Kenneth Barlow: The First Documented Case Of Murder By Insulin

Kenneth Barlow: The First Documented Case Of Murder By Insulin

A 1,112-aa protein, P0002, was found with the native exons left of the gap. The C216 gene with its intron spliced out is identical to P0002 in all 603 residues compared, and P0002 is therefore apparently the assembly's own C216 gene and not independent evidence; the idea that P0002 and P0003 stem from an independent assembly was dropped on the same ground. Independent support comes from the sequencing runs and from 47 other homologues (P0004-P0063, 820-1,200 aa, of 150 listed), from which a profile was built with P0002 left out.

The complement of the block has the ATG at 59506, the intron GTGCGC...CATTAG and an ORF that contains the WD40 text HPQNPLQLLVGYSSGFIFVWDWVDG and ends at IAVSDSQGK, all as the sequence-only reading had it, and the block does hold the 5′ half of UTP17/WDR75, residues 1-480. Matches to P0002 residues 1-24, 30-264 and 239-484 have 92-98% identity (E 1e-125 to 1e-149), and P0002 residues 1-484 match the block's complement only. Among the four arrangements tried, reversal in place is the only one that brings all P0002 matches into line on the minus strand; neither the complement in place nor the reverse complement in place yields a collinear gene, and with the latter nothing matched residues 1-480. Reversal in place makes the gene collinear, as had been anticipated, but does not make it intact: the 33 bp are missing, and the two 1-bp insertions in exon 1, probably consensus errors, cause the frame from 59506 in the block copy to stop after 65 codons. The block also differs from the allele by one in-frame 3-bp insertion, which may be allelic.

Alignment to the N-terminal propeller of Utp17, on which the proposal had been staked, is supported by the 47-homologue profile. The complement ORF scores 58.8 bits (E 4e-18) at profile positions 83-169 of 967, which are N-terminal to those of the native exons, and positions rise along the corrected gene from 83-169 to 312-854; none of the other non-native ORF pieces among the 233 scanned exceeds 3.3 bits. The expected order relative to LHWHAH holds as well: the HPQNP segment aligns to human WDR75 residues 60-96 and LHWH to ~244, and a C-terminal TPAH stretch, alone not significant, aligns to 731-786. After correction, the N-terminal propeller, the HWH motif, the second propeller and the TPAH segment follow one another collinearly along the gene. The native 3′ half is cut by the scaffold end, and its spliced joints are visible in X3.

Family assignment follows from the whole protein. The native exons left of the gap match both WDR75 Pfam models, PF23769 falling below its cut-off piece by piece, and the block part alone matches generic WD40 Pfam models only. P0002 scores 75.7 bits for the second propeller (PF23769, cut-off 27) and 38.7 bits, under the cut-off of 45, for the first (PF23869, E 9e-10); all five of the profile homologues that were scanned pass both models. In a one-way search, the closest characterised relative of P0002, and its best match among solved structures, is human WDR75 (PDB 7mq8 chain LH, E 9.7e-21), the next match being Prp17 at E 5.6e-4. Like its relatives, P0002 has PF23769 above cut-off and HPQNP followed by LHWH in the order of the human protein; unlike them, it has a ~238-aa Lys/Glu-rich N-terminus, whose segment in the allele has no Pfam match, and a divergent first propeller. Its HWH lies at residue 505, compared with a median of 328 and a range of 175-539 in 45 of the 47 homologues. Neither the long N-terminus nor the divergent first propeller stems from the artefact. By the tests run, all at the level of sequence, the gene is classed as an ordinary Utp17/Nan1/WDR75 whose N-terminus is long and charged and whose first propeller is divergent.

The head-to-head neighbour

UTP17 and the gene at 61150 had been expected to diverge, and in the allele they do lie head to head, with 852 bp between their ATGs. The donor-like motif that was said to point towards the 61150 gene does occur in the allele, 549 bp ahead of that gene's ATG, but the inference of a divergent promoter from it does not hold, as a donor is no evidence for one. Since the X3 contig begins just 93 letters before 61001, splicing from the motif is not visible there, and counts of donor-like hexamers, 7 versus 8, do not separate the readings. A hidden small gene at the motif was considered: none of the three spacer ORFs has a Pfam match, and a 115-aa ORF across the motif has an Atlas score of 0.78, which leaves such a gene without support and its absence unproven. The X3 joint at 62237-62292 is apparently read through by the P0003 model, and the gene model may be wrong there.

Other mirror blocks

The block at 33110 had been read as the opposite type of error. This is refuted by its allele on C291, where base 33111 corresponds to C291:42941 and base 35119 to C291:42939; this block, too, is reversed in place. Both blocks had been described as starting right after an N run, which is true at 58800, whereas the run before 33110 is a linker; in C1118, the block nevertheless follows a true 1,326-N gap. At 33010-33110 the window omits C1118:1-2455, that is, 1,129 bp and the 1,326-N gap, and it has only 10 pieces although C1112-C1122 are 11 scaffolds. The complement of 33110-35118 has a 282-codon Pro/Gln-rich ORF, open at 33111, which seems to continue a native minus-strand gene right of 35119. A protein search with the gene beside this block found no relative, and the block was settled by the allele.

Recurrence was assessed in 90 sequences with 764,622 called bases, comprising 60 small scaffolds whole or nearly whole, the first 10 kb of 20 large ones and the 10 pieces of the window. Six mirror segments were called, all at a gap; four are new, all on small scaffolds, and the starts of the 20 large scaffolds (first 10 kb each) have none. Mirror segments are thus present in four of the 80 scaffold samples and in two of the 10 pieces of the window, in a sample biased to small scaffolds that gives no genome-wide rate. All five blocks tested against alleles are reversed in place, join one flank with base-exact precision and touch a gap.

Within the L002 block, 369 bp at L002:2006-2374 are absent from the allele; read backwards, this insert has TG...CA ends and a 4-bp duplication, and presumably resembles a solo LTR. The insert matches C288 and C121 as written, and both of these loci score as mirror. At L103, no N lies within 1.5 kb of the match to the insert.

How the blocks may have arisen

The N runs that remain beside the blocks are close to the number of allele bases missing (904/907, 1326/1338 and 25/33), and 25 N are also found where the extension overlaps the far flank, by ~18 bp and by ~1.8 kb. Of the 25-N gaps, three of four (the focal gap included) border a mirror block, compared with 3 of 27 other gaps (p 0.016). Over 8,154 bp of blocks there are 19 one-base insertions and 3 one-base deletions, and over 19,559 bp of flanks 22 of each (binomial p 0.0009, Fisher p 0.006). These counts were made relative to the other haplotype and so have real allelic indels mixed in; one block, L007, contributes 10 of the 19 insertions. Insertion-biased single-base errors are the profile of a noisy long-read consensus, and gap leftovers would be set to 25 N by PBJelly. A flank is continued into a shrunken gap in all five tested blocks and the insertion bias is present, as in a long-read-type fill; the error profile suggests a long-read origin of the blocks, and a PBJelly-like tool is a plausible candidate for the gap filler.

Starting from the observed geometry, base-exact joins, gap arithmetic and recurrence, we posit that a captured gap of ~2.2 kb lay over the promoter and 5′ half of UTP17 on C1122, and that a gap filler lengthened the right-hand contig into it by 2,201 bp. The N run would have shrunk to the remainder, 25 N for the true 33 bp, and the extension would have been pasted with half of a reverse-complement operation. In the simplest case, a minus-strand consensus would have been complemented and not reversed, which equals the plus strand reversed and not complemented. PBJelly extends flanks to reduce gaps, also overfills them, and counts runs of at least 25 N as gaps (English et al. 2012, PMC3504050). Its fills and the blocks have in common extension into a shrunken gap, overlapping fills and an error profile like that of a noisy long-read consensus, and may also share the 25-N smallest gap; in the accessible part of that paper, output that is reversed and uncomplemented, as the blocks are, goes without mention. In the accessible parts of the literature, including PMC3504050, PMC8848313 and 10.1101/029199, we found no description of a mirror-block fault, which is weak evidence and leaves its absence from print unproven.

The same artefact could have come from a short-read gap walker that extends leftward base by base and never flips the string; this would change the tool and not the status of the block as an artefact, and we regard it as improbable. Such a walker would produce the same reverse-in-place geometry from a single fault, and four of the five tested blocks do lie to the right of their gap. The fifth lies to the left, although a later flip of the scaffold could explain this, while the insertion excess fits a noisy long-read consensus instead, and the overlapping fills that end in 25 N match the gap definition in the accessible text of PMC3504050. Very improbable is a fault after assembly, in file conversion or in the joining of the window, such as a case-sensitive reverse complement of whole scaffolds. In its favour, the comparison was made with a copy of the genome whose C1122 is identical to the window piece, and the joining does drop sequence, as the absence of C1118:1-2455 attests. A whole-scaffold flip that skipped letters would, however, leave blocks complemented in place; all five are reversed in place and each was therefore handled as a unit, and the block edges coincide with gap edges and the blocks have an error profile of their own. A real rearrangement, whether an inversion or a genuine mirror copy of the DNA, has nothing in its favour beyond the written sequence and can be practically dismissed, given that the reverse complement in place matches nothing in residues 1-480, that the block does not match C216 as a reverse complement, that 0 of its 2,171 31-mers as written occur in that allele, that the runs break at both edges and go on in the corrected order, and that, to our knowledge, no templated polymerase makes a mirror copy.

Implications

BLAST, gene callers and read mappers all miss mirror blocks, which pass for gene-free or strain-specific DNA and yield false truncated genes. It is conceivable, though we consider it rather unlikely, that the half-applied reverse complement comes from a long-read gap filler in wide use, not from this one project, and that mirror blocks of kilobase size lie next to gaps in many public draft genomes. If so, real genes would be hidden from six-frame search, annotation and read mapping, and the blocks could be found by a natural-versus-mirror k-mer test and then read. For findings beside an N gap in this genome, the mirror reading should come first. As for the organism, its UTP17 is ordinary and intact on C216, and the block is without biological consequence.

On the morning of 4 May 1957, just after 2 am, Dr David Price, a forensic pathologist, was called to the home of Elizabeth and Kenneth Barlow in a residential suburb of Bradford, Yorkshire. The story was that Kenneth Barlow had discovered his wife unconscious in the bath at about 11.20 pm the previous night and called his own doctor, who diagnosed her as dead. Kenneth, a 38-year-old state registered nurse, was unemployed. He had married Elizabeth 11 months earlier and was, to all outward appearances, living happily with her and his 10-year-old son by his first wife. According to Kenneth, Elizabeth had had tea at about 5 pm on the day of her death. Shortly afterwards she announced that she was tired, and went to bed. When Kenneth came to bed at about 9.30 pm he found that Elizabeth had vomited on the bed. Together they changed the sheets. She put on some pyjamas but took them off because she said she felt too warm and decided to take a bath. Kenneth lay on the bed and went to sleep at about 9.45 pm to the sound of the bath running. When he woke up at around 11.20 pm Elizabeth had not returned to bed. When he went into the bathroom he found her submerged beneath the water. He tried to lift her out but did not have the strength to do so. Nevertheless, he held her head above the water until all the water had run out of the tub. He said he then tried artificial respiration by ‘pressing on her abdomen’ as he was unable to lift her from the bath. Only after this was unsuccessful did he run next door to his neighbours, who had a telephone, and ask them to call a doctor. The family doctor arrived 10 minutes later and found Elizabeth in the empty bath in a position simulating natural sleep. He did not touch her beyond ascertaining that she was dead. With such an unexpected de Continue reading >>